Gutless religious leaders’ collective passivity over the last few months has caused foolishness and mayhem to hook up with unfiltered church-folk ignorance. The South is doubling down on biblical backwardness and the protests about mosques have gone from honking horns, signing petitions, and lawful protest to unlawful burning of construction equipment to now a church sanctioned-holiday called “Burn the Koran Day.” This craziness is being captured on every network that has minutes to spare to interview Pastor Terry Jones, who has taken his five minutes of fame and abused the FCC airwaves.
Pastor Terry Jones, the leader of a 50-member Gainesville church with a love and peace-sounding name, Dove World Outreach Center, has even saints scratching their heads wondering who ordained the minister and founder of Burn the Koran Day. I wish I could say I am surprised by the latest shenanigans but I am not. Because so many have ignored the constant drip of sanity slipping from our grasp as our country has allowed whispers of anti-Muslim sentiment to become part of mainstream conversation, we are seeing more and more outlandish acts against Muslims. Shouting and spewing hateful words have become the norm. The media has helped facilitated the chaos and confusion to where we are now.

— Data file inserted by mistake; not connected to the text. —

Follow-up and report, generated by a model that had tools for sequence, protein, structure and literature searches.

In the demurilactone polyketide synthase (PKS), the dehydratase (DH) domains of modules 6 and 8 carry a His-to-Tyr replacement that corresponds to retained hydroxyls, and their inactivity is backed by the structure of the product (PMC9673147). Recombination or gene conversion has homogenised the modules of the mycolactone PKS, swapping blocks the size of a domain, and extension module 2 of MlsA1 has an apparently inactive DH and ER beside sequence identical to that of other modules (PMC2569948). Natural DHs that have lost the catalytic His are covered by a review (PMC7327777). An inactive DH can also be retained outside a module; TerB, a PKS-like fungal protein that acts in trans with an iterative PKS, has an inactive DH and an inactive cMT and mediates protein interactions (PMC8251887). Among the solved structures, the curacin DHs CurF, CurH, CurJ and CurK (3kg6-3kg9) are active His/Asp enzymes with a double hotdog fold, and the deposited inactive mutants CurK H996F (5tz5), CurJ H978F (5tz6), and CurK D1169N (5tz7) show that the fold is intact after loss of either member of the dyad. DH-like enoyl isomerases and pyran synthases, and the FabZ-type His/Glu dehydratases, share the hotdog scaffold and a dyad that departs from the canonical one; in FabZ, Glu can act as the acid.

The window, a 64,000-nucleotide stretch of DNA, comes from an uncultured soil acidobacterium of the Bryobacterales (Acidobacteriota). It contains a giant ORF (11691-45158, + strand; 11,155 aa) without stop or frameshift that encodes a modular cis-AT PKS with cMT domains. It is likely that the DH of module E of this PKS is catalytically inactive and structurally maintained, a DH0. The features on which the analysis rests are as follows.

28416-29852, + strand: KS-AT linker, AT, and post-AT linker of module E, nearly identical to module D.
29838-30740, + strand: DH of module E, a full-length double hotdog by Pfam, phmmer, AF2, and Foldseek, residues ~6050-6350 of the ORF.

Two weeks ago, very few people nationally knew of Murfreesboro, Tennessee. Today, the wonderful quiet college town is included in every mosque story on cable news because of the protests against the building of a mosque there. Individuals are using the media’s focus to escalate fear and hate. Not long after I posted my article last week, I was getting emails about Pastor Jones deciding to use the slow holiday weekend news cycle to show up and show out. On every network he was advocating burning Korans on September 11, a day that is still very painful to our country.